President Ramotar said in his address to the nation last week that if the Opposition persists with the no confidence motion, he will ‘prorogue or dissolve’ the National Assembly. These are two completely different options.
The proroguing of the National Assembly means the termination of this session only and all pending business, which is not postponed to the next session but concluded in their unfinished state. The prorogation can only last for up to six months and elections are not constitutionally mandated. A new session resumes by proclamation. There are political constraints as to how long, within the six-month period, the Government may wish to prorogue. A dissolution has the effect of terminating the life of the National Assembly. It has to be resumed in four months and cannot be resumed except after elections.
The Government’s fiscal year ends on December 31. It is required to present the estimates within ninety days thereafter. The Government has authority to spend during this period and up to a month thereafter if an Appropriation Act is not passed. In theory, the Government cannot spend any money after April 30 if estimates, followed by an Appropriation Act, are not passed. The Appropriation Act gives it authority to withdraw funds, approved by the National Assembly, from the Consolidated Fund.
The political heat that would be generated by prorogation would mean that the Government would be unlikely to later obtain Opposition support to approve a budget and estimates. It would, therefore, have to dissolve the National Assembly in April and call elections. Of course, the Government has been spending without parliamentary approval and may continue to do so where it deems that the spending is necessary due to ‘unforeseen’ and similar circumstances. Even though the Government would hardly be able to justify that its own act of prorogation creates ‘unforeseen’ circumstances, stranger things have happened.
But what about the President’s challenge to the AFC to’ bring it on’ and ‘make my day?’ A prorogation of the National Assembly as a tactic to delay holding elections to a later time that is more favourable to the Government would not be unusual. Prime Minister Stephen Harper did it in Canada when a no confidence motion was threatening his second minority government. But in our case, where the Government dared the AFC, a prorogation would create the impression that it has dropped its bravado and is slipping through the back door.
A confrontation is likely to be inevitable on Monday, since the Opposition appears to have agreed that the no confidence motion will be given priority. Their majority would enable them to suspend the Standing Orders for this purpose or to determine when the National Assembly should meet. The President, presumably, will announce his decision of whether to prorogue or dissolve.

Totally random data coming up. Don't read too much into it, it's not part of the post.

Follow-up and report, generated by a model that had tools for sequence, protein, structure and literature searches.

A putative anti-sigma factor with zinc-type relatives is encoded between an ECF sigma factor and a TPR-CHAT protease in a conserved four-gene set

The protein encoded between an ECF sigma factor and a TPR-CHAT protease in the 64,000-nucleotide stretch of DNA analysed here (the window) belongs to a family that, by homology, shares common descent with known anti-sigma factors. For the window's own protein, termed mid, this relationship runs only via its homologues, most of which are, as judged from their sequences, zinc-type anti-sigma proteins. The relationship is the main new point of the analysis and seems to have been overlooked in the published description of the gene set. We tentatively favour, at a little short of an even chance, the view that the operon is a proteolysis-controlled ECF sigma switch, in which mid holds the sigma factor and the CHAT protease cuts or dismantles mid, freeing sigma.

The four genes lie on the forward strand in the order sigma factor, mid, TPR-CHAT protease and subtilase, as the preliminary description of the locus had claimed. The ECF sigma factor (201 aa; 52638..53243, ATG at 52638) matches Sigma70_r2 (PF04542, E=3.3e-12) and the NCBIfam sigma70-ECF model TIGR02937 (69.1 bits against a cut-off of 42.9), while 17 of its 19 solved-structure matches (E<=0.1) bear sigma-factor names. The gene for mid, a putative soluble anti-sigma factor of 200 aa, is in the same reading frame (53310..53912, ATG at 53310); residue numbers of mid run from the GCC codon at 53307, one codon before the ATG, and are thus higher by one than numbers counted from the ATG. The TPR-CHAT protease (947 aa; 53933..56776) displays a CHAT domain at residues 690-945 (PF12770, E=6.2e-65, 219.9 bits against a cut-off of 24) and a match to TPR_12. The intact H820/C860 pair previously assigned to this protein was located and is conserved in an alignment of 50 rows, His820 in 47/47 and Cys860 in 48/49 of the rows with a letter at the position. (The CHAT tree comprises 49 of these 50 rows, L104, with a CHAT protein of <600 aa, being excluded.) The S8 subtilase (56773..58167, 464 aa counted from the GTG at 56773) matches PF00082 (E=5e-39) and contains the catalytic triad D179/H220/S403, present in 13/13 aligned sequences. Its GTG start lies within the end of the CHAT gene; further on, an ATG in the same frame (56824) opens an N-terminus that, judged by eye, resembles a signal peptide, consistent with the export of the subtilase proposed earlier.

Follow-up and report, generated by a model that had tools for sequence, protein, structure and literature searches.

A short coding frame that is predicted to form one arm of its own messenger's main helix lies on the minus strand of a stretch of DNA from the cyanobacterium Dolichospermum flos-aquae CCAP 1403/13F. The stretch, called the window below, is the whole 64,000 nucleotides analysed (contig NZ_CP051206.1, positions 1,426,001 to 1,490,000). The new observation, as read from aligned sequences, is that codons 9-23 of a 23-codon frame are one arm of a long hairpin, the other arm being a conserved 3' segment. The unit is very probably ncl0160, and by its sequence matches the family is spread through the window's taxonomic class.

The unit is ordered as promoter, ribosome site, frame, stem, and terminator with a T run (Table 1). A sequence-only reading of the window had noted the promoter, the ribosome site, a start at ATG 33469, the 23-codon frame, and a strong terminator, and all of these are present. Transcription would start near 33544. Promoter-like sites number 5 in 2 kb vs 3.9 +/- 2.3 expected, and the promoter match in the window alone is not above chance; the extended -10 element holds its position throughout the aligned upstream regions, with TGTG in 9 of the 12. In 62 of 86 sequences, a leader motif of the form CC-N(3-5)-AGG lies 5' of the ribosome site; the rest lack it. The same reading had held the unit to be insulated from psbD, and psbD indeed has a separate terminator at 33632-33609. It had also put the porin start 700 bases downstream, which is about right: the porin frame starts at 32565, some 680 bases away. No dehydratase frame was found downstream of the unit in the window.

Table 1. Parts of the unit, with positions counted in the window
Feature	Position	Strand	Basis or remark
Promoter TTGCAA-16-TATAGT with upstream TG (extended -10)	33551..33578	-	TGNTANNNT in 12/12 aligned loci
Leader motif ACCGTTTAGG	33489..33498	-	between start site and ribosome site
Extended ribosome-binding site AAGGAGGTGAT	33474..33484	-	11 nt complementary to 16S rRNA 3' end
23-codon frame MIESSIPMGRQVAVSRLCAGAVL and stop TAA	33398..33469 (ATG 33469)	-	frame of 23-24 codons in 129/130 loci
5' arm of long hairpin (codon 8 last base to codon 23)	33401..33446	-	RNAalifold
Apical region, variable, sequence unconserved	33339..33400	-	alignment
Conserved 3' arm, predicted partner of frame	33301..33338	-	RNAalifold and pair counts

What is surprising is not that the Government is being brought down by a no confidence motion, or forced into elections because of the threat of it, but that its life has lasted for so long – three years. Minority governments survive for this length of time only where they have a guarantee of support by a smaller party. What is unusual in Guyana is that the Government did not offer a role in government to one or both of the Opposition parties. While the bitterness of our political past, driven by ethnic suspicions, was and is a major obstacle, it is these same factors that the PPP took cognizance of in determining its fundamental policy choices, based on promoting a political solution, of a ‘national patriotic front,’ and ‘winner does not take all,’ two sides of the same coin, both of which were designed for PNCR’s participation.
The Opposition has failed to highlight and promote in the past three years this most critical issue facing Guyana today – the need for a political solution. It did not use the opportunity during this period to highlight and maintain at the forefront of political discourse that a place at the executive table is a pre-requisite for stable governance by consensus. They went along with the minority status quo, more concerned about the allegation that all they are interested in is political power and maybe for other political considerations and calculations. Well, their simple response could have been, what is the PPP interested in, if it hogs political power all for itself, with only minority support?
Whenever elections are held, the Government’s campaign strategy of blaming the Opposition for obstructing progress has already been designed. It can be effective to mobilise its own supporters, who it needs to re-energise. All it needs is one more seat, a distinct possibility.
The Opposition’s strategy is more difficult to discern. If it falls in the trap of a defensive posture, defending itself against the Government’s assertions, and fails to engage and inspire the electorate with a larger vision of Guyana’s future, where the major stakeholders share the executive in a structured and long term relationship, based on constitutional prescriptions, then the PPP will be allowed to get off the hook, will not have to answer the most fundamental question facing the Guyanese people for all of its post-Independence history, the question of the structure and nature of our governance, and we will be condemned to another round of ‘winner take all’ politics.
Guyana can only move forward in unity, or not at all.